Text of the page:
6. Give it a gentle but good stir to mix everything together well.Crock Pot or Slow Cooker – Cook on high for about 3 to 4 hours OR automatic with keep warm facility for up to 8 hours.Serve with freshly chopped parsley on couscous.  Serve harissa on the side, so that guests can add according to how spicy they want their dish.

Adapted from Epicurious Easy Moroccan Chicken Tagine.


Butternut Squash Pizza

So if you read my post about the my attempts to work with puff pastry, you’ll know that there was some leftover that just did not end up getting used for the soleil.  The good news is that it was repurposed into a kind of butternut squash pizza!  Adding the cayenne pepper adds just the right amount of kick, and this is pretty easy to throw together for a weeknight dinner (assuming you and the puff pastry have come to terms).


All we had to do was roast some butternut squash, caramelize some onions, and throw it in the oven to bake.  There have been instances in which I’ve made this and been too heavy handed with the cayenne – a note of caution: there is a distinct possibility to put too much cayenne, so if gauge accordingly when you sprinkle your ‘pizzas.’

~ 2 lb Puff pastry (for the pastry) rolled out into rough rounds or squares

For the filling:
1 small butternut squash (about one pound)
2 tablespoons olive oil
1 to 2 tablespoons butter (if you have only non-stick, the smaller amount will do)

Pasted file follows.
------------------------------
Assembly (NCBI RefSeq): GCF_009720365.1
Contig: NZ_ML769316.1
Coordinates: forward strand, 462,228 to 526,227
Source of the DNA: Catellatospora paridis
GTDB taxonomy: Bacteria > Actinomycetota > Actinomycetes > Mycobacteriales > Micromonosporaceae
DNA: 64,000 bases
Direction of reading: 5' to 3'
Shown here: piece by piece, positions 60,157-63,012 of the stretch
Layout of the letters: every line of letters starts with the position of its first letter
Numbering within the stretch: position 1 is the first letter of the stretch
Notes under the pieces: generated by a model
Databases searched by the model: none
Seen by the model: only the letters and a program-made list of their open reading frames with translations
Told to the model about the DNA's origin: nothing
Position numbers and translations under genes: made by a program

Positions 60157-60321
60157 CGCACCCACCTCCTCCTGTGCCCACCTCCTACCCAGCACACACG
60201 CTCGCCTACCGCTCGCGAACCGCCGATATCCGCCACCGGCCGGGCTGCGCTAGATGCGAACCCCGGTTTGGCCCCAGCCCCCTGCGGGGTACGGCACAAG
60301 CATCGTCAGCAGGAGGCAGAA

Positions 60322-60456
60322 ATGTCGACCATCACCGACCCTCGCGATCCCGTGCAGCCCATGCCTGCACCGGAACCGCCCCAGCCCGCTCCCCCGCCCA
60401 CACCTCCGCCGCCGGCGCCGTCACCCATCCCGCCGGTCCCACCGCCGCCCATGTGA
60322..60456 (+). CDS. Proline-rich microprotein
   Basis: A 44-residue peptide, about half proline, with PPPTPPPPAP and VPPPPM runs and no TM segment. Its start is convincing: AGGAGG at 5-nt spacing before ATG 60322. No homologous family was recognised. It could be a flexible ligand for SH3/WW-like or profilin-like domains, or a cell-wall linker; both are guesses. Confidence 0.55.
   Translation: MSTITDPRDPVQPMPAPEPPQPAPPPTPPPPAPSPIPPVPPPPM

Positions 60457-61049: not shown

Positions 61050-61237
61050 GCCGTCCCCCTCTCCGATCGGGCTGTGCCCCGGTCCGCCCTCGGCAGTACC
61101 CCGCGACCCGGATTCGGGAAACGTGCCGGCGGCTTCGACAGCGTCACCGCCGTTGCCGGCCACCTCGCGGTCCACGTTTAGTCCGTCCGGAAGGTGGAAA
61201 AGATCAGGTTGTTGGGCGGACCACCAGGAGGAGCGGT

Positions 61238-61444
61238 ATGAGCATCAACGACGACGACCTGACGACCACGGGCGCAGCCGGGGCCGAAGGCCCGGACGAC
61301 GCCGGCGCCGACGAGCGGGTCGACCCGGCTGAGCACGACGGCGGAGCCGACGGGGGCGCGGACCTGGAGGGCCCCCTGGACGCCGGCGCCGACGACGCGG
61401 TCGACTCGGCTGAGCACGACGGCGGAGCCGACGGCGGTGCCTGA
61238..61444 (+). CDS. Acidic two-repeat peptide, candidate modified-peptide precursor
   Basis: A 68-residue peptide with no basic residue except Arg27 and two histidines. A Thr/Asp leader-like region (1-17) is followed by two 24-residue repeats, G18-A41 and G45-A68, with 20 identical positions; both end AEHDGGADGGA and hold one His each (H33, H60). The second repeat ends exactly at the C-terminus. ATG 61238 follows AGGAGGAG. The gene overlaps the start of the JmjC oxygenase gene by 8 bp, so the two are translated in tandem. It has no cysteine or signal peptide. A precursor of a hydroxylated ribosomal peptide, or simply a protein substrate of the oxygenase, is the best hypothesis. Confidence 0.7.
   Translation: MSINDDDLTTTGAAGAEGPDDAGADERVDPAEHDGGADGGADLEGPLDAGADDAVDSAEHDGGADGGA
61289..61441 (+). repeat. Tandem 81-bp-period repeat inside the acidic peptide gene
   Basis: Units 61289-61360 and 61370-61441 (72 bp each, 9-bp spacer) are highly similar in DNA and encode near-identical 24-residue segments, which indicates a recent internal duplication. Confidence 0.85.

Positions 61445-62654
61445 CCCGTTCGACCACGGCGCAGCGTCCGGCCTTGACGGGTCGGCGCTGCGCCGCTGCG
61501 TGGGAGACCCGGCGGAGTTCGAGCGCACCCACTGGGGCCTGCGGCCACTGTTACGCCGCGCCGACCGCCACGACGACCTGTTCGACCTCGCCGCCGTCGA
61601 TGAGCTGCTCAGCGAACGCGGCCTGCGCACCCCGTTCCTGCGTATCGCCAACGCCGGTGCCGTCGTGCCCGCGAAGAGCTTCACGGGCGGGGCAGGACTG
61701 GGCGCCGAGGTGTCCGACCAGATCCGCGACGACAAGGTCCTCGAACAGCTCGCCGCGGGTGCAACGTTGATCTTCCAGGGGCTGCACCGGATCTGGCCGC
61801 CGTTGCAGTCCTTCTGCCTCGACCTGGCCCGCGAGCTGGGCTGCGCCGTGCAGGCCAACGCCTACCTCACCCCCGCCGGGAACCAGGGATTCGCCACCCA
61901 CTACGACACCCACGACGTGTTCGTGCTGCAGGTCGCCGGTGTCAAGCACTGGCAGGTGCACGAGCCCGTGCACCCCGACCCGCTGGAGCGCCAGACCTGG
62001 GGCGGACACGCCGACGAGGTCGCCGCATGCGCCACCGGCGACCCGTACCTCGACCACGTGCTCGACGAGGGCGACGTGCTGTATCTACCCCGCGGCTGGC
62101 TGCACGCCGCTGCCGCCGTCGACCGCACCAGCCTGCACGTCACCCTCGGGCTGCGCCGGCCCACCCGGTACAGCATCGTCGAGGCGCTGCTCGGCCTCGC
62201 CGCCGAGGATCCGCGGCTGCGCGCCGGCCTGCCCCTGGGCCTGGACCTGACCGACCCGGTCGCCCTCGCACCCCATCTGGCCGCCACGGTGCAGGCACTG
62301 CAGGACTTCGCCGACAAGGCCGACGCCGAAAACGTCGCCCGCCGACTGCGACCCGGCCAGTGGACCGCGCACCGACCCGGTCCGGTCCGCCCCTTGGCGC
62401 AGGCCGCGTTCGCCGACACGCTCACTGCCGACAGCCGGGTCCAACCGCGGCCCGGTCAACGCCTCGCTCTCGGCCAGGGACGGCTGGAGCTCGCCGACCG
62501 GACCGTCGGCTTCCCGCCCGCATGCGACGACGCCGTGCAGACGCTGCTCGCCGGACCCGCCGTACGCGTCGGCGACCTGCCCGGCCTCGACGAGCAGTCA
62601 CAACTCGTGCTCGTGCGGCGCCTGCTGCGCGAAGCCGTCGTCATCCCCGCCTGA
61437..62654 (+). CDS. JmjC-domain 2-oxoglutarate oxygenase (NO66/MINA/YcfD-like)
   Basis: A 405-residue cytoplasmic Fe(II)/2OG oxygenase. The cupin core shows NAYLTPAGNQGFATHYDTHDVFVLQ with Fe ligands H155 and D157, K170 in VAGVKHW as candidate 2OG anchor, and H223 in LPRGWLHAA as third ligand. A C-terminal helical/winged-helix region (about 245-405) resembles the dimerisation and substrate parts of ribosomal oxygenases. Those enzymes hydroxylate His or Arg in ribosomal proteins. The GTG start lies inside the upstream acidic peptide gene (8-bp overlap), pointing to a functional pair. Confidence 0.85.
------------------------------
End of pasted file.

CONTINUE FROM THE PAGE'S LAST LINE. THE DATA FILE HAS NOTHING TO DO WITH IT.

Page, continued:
1 large onion, halved and thinly sliced in half-moons
1 teaspoon salt
Pinch of sugar
1/4 teaspoon cayenne, or to taste
3/4 cup gruyere cheese

1. Prepare pastry: Roll out the two puff pastry sheets into rough rectangles or lopsided circles.

2. Prepare squash: Preheat oven to 375 degrees F. Peel squash, then halve and scoop out seeds. Cut into a 1/2-inch dice. Toss pieces with olive oil and a half-teaspoon of the salt and roast on foil lined (for neatness sake) sheet for 30 minutes or until pieces are tender, turning it midway if your oven bakes unevenly. Set aside to cool slightly.

3. Caramelize onions: While squash is roasting, melt butter in a heavy skillet and cook onion over low heat with the remaining half-teaspoon of salt and pinch of sugar, stirring occasionally, until soft and lightly golden brown, about 20 minutes. Stir in cayenne.

4. Raise the oven temperature to 400 degrees. Mix squash, caramelized onions, and cheese together in a bowl.

5. Assemble pizza: Spread squash, onions, cheese mixture over the dough, leaving a 1 1/2-inch border.

6. Bake until golden brown, 30 to 40 minutes. Remove from the oven, let stand for 5 minutes, then slide the pizza onto a serving plate. Cut into wedges and serve hot, warm or at room temperature. Serves ~4-5.

Adapted from Smitten Kitchen Butternut Squash Galette.

Sundried Tomato and Feta Soleil

Between being under the weather and a lot of travel, I managed to convince myself that cooking something interesting would somehow make me feel better.  After a sad round with gougères that just didn’t turn out right, it was comforting to have this turn out mostly delicious.  Technically, I’d made it for a party that I thought I was going to take food to and ended up with Matthew eating most of it instead (oops).


The first go at this was a real struggle-fest, mainly because I think I hadn’t realized how touchy puff pastry was, much like Goldilocks and the bears – thaw too much and the dough is sticky, not thawed enough and too hard to roll out.  It literally had to be juuuuust right.  But who has time for that?

Anyways, this finally turned out after I gave up on the other puff pastry dough, and bought a whole new set.  But as it turned out, that other pastry dough still became a delicious butternut squash tart, so it was not all wasted.

The Smitten Kitchen version where I got this from is much more beautiful, but this turned out pretty delicious too!


3/4 cup sundried tomatoes in oil, drained